The August 18-21 summit in La Ceiba, Honduras, will focus on the socioeconomic conditions of Afro-descendant populations and establish a plan to “ensure development with equity for these groups,” said the Pan American Health Organization (PAHO) and the World Health Organization (WHO), which announced the event in Washington on Thursday.
The event is part of the United Nations-declared International Year of African Descendants.
“This International Year of African Descendants provides an opportunity to right historical wrongs: in health, education, poverty, land rights, jobs, and financial credit for economic and social progress,” said Pan American Health Organization Director Mirta Roses in a news release. “This celebration is important for recognizing the strength and resilience of Afro-descendant communities throughout the Americas, who have thrived despite historical discrimination and repression.”
The U.N. says an estimated 150 million African descendants live in Mexico and Central and South America.
Health, contraceptives and social justice
According to PAHO/WHO, compared with Caucasians, the babies of African descendants are more likely to die, their mothers face more risks in childbirth, adult men have higher rates of homicide and HIV, and adolescents are more likely to become pregnant.
At the same time, “equal access to health services and contraceptives remains a challenge,” said Dr. Roses. “This year is a time to celebrate the power of Afro-descendant organizations in challenging and changing these inequalities.”
The summit will provide an opportunity to analyze international cooperation and “close the existing development gaps through concrete commitments, clear strategies, and adequate resources,” said Jorge Ramón Hernández Alcerro, the Honduran ambassador to the United States.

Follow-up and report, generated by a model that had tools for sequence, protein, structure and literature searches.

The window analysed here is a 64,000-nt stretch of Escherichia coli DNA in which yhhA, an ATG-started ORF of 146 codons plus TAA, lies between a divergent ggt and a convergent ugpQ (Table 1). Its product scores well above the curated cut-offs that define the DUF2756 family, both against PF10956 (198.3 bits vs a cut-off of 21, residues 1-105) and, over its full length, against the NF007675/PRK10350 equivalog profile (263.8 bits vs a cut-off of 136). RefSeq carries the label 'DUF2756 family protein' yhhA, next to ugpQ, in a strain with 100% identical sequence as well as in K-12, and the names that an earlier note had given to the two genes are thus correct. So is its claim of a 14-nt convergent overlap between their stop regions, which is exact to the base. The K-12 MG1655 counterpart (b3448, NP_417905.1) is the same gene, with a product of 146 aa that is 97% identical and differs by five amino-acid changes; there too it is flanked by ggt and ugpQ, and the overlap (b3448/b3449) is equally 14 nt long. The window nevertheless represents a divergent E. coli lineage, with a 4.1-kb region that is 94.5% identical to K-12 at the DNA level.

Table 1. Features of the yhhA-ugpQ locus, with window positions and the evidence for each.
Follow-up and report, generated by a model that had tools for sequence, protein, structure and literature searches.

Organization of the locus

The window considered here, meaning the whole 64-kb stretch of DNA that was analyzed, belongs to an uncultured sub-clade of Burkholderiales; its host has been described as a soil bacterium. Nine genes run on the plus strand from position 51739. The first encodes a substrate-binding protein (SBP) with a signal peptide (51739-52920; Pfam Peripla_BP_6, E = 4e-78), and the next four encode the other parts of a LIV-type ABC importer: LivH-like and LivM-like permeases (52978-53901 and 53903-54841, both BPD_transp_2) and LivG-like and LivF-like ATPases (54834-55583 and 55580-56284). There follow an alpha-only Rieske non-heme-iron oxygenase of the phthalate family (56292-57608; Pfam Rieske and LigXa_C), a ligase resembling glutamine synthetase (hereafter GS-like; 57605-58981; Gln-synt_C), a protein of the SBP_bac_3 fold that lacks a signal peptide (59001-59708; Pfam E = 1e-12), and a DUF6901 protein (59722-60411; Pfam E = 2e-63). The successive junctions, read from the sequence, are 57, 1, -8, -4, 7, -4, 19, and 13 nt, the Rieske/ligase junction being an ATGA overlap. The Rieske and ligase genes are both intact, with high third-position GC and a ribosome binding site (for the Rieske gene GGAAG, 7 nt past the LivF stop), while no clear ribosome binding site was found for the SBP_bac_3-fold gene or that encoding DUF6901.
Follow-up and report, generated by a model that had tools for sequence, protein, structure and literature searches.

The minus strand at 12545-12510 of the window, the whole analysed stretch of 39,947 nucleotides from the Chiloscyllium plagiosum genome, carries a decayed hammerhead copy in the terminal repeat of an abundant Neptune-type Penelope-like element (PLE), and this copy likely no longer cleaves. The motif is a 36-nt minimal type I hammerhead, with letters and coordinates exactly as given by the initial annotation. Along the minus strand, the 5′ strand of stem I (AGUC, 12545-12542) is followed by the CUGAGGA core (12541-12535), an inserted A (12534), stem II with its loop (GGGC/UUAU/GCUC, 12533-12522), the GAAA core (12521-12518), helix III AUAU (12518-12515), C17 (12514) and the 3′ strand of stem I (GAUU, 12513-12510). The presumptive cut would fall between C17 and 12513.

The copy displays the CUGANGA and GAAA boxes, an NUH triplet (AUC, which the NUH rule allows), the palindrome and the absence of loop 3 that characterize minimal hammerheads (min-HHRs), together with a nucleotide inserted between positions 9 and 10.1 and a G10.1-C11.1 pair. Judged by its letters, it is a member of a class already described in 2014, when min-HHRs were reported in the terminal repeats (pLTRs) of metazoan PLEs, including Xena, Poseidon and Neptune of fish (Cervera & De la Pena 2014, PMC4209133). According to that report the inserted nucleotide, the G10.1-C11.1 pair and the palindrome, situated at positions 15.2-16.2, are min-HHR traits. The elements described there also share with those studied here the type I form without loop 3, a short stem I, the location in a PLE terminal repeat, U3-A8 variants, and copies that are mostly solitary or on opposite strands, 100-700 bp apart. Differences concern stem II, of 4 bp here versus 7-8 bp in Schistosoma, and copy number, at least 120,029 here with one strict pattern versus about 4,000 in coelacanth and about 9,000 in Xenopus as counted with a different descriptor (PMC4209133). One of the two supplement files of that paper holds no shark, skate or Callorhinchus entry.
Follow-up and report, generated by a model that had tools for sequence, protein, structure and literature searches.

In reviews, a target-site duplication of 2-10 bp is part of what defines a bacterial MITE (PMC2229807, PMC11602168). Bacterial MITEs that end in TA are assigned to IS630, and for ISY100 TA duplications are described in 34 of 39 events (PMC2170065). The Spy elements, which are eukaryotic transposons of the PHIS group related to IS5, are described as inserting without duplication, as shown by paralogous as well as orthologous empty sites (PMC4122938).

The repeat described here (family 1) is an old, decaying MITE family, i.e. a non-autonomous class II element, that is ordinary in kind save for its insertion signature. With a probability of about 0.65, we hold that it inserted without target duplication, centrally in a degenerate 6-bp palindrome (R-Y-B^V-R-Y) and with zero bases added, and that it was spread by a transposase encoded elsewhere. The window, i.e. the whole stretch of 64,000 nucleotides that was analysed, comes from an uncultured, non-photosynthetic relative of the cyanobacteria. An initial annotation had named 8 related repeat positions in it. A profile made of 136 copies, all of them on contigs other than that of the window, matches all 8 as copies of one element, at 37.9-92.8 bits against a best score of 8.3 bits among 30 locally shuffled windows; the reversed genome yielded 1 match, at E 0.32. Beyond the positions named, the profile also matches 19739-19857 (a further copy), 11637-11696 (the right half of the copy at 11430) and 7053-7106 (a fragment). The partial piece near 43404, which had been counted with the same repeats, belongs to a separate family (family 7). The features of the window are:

“We are in 2011, and this will be the First World Summit of African Descendants,” said Jim Coffin, of Phelps-Stokes, a philanthropist group that promotes “social justice” in Africa and the Americas. “People will be empowered, commitments will be made. This summit will make a big difference.”
One of the Americas’ pending debts is to “put an end to historical and structural discrimination against African descendants,” said Santiago Cantón, executive secretary of the Inter-American Commission on Human Rights (IACHR). He said initiatives such as the summit are “essential steps” toward ending such discrimination. He said the summit will raise awareness of violations of the human rights of African descendants, and thereby help put an end to them.
Organizers say the summit also will follow up on previous commitments, such as those made at the World Conference against Racism in Durban, South Africa.
As CNSNews.com previously reported, the Durban conference was marked by strong disagreements over issues, including attempts to equate Zionism with apartheid and calls for the U.S. and other Western nations to pay reparations for slavery. The conference and a parallel NGO gathering eventually degenerated into what critics described as an anti-Israel “hate-fest,” and the Bush administration withdrew its already-downgraded delegation in protest. The Israeli representatives also walked out.
Discussions at the Honduras summit will focus on politics, society, culture, and education. Organizers expect up to 800 people to participate in the summit, including representatives of international organizations and “Afro-descendant social movements.”
Celeo Álvarez Casildo, president of the Organization for Ethnic Community Development (ODECO) and executive secretary of the World Summit of African Descendants, on Thursday thanked organizations including IACHR, the Inter-American Development Bank, and PAHO/WHO for their support.
PAHO Director Roses praised ODECO for providing “global leadership by bringing together people from all over the world to celebrate their African heritage and their achievements.”
Álvarez Casildo said the summit was expected to conclude with a “Declaration of the Decade of African Descendants and the creation of a new fund for Afro-descendant Development.
“The summit is not the end, it’s a means for transformation,” he said. “It’s an extremely important medium to ensure that these voices no longer remain silent.”